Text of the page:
Kwon Myoung-Won from Korea works hard, like many immigrants, running a small business for long hours every day. But he never lost his passion for the calligraphy he began doing as a boy. Although few may know about this art, some of his works are displayed in museums and galleries across the U.S. and around the world. Kwon’s works at a convenience store in the Washington suburbs, where his art flourishes.
Kwon Myoung-Won tends to customers at the counter while his wife So-Young makes the sandwiches. They've been working together for 20 years in this store that sells beer and wine along with specialty sandwiches.
“The store hours are from six thirty in the morning to ten at night. But I arrive at six, so I work 16 hours a day,” Kwon said.
The store, near Washington DC, does not exhibit art. But long rolls of rice paper are stored under a shelf for merchandise. When the store is not busy, usually in the late afternoon, it's time for calligraphy. Kwon is writing the word “door,” in Korean, over and over.
"Door implies opening. And getting through all the passages in life is also opening a door. But we cannot do that without efforts. We have to work hard to open the doors to achieve our dream," Kwon said.
Most of Kwon’s calligraphies contain small Korean letters. He says that's a byproduct of circumstance.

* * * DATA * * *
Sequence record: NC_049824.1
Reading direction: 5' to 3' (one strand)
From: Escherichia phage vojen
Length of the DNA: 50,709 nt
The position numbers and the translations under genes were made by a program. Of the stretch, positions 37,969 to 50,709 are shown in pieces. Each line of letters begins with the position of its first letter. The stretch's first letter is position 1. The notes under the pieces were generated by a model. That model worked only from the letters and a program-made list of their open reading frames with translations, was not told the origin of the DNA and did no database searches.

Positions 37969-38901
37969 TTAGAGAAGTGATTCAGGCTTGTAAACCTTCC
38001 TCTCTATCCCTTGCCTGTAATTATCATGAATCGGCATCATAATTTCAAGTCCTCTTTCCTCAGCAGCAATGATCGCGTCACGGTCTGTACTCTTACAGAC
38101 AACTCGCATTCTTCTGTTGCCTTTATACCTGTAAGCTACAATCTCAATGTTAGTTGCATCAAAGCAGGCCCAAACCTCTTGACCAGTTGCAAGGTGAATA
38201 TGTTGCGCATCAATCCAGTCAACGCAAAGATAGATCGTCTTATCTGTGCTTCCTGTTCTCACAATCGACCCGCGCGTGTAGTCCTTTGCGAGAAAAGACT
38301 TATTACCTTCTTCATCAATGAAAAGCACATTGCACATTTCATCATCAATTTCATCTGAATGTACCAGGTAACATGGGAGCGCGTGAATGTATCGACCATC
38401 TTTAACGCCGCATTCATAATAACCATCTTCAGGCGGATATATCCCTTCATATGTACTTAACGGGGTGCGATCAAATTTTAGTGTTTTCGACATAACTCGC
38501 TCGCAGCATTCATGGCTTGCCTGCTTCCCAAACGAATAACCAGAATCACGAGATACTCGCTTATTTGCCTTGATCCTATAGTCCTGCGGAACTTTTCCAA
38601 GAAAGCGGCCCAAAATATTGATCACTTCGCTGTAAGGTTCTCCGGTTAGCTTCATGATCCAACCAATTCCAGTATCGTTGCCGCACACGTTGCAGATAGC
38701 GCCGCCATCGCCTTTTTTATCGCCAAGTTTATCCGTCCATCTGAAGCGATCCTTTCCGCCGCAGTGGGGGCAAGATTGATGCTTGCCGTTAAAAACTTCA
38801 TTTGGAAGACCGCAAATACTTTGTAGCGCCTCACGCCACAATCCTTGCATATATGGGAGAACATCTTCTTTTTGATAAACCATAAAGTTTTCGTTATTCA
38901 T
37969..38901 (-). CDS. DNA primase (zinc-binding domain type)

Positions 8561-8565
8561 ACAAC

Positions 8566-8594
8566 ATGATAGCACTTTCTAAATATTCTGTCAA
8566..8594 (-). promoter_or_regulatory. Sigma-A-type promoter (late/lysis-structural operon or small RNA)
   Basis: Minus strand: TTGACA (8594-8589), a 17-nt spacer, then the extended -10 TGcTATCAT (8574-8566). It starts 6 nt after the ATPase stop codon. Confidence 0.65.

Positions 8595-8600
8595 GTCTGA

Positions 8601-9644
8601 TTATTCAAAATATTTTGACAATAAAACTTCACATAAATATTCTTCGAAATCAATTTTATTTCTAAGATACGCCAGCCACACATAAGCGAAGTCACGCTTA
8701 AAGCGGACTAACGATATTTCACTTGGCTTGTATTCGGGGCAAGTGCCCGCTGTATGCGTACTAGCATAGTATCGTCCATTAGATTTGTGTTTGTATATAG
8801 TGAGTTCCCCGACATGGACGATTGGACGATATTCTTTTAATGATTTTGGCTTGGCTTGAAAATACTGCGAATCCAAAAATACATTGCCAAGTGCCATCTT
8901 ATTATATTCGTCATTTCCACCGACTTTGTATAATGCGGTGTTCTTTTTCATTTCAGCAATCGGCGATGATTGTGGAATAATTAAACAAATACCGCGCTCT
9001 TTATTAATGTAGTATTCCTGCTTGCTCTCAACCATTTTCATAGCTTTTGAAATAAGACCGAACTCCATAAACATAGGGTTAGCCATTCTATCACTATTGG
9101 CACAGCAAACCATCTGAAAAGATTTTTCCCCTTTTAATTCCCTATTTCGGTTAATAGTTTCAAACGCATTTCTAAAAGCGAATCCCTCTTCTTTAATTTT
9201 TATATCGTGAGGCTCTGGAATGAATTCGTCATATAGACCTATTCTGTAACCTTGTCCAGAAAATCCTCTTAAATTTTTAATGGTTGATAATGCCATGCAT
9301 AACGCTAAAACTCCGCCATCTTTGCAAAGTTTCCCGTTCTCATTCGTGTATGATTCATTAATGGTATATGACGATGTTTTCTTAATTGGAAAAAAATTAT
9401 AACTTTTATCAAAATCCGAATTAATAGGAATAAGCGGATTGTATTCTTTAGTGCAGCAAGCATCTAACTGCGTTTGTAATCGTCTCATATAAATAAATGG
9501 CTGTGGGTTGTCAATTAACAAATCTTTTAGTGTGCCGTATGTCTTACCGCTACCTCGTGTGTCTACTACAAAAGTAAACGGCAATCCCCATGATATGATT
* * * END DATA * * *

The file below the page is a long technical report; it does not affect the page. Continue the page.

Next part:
“While running the store for long hours, I wanted to utilize the time because I barely had time at home. But when customers came in, I had to stop writing. Then the tip of the brush got dry and the mood changed. So I decided that I could work better with small letters,” Kwon said.
One of Kwon's works is the silhouette of a figure skater. It's formed from thousands of tiny letters. The skater is Olympic gold medalist Kim Yu-Na from South Korea. The letters are her nickname, “flower.”
“I started calligraphy when I was seven. My older brothers who went to a village school wrote letters with a brush. I was fascinated watching them write words with a thin brush. So I started practicing myself,” Kwon said.
Some of Kwon’s works are displayed in the Library of Congress in Washington. Paul Taylor heads the Asian Program at the Smithsonian's Museum of Natural History in Washington. Kwon's calligraphy is on permanent display there, as well.
“The most important element of Kwon Myoung-Won’s calligraphy we are emphasizing here is his use of classical form in a dynamic, modern, new kind of tradition that he carries forward as a member of the Korean diaspora based here not in Korea,” Taylor said.
For this piece, Kwon was inspired by President Abraham Lincoln’s Gettysburg Address.
He's donating it to Lincoln's presidential library near Chicago.
Kwon has performed traditional Korean calligraphy at the Smithsonian's Folklife Festival in Washington. And he demonstrates his art at a local university.
“Diverse culture coexists in this country. So I try to help other people recognize the beauty of the Korean language and the art of Korean calligraphy. That is my dream,” Kwon said.
Kwon Myoung-Won says he's doing his best to make that dream come true.